The drug allopurinol used to manage gout may offer protection against the development of kidney disease, according to a new study.
Traditionally there has been concern from physicians that this medication may increase risk of Chronic Kidney Disease (CKD), despite a lack of clear data supporting this relationship. As such, many patients find themselves undertreated, leading to poorer gout outcomes.
BUSM researchers utilized The Health Improvement Network (a general practitioner medical records database representative of the United Kingdom’s general population) to evaluate kidney function in gout patients after starting allopurinol.
They found that of the more than 4,000 patients started on full-dose allopurinol for prevention of gout flares, 12.2 percent had developed Stage 3 CKD after an average of five years of treatment, as compared to 13.1 percent of non-users over a similar period. The researchers conclude that the use of allopurinol in the management of gout is not only safe, but also potentially beneficial in reducing risk of kidney disease.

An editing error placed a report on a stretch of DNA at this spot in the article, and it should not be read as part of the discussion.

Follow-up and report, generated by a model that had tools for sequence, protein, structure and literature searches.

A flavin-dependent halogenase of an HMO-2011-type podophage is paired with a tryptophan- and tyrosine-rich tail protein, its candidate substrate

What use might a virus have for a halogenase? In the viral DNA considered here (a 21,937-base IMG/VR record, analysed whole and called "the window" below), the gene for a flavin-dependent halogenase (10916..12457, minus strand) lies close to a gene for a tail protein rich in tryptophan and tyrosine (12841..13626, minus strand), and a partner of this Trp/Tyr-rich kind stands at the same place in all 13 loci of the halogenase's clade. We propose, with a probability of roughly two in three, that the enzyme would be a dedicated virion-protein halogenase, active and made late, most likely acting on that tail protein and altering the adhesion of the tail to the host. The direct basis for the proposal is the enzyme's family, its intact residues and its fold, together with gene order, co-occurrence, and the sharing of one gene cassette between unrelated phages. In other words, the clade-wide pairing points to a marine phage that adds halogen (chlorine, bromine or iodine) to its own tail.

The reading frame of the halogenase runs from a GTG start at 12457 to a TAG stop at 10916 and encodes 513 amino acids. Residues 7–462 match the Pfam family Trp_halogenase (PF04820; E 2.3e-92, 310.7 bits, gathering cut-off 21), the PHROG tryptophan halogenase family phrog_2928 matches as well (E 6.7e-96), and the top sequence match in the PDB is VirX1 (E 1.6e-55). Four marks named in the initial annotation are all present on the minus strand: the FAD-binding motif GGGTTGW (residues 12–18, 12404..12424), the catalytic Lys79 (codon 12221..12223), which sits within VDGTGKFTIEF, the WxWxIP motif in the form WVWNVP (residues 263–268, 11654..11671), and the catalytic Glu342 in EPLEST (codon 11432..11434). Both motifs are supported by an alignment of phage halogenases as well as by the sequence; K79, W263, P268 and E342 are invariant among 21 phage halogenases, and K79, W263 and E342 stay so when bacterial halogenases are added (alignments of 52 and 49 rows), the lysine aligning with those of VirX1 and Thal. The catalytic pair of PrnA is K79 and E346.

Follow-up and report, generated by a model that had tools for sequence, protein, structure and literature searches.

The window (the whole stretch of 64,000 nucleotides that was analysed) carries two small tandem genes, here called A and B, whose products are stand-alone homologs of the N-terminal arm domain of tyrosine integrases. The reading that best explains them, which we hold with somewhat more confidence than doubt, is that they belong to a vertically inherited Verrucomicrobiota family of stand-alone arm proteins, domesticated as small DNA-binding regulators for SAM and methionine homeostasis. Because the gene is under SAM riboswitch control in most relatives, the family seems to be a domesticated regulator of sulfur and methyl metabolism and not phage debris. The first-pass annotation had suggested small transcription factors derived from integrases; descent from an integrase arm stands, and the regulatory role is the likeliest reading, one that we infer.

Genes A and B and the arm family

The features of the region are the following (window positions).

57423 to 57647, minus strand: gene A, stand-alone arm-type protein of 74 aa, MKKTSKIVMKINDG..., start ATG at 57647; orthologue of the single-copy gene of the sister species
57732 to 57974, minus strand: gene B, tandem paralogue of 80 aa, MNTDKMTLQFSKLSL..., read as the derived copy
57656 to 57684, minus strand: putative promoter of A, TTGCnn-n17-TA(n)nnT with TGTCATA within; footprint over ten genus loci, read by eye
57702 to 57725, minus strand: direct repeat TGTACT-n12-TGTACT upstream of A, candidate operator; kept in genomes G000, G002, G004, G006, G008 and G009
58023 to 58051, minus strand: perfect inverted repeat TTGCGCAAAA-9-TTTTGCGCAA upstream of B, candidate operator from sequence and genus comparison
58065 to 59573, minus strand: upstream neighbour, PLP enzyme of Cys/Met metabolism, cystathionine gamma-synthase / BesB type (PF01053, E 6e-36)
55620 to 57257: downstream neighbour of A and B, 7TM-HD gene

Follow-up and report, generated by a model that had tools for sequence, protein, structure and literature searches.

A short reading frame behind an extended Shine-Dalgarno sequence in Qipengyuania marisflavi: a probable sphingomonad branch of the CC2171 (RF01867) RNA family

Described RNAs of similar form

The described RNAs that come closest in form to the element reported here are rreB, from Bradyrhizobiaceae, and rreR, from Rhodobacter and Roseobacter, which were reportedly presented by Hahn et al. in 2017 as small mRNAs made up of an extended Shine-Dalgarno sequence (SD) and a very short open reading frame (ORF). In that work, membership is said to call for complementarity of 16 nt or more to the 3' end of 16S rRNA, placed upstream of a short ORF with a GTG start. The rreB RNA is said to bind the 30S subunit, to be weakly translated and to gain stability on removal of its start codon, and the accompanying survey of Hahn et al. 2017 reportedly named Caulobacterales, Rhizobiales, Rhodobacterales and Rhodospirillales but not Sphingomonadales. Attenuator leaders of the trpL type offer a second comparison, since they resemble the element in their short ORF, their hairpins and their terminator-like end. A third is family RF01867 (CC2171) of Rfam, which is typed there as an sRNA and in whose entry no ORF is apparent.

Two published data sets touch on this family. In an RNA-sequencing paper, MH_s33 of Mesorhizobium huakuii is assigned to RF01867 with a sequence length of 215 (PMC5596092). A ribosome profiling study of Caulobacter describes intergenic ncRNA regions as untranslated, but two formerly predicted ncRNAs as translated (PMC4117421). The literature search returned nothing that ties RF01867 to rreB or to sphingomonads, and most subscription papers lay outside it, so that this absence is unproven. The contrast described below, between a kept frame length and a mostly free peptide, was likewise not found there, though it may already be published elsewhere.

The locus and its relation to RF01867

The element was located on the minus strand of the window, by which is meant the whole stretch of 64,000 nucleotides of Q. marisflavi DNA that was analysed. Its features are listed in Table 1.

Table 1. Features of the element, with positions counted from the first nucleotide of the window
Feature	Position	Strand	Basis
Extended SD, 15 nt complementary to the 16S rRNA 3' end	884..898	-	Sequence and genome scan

Tuhina Neogi, MD, PhD, corresponding author of the study and professor of medicine and epidemiology at BUSM and BU School of Public Health, sees these results as an important step forward in the long-term treatment of gout. “Ultimately, we hope these results will be disseminated to PCPs and internists taking care of patients with gout (since the bulk of patients with gout are managed in primary care) so that allopurinol is not held or stopped when a patient experiences a creatinine bump,” said Dr. Neogi, a rheumatologist at Boston Medical Center.
Gout is the most common inflammatory arthritis in the United States (affecting 3.9 percent of Americans, more than eight million adults. Gout flares are caused by the formation of urate crystals within the joints, leading to significant pain and swelling. Allopurinol is the most frequently used medication to manage gout, including the long-term prevention of gout flares by reducing the amount of urate circulating through the blood.
These finding appear in JAMA Internal Medicine.
Funding for this study was provided to Dr. Vargas-Santos by the Conselho Nacional de Desenvolvimento Científico e Tecnológico (CNPq), Ministry of Science, Technology and Innovation of Brazil. Dr. Neogi’s work was supported by National Institutes of Health grants P60AR47785 and K24AR070892.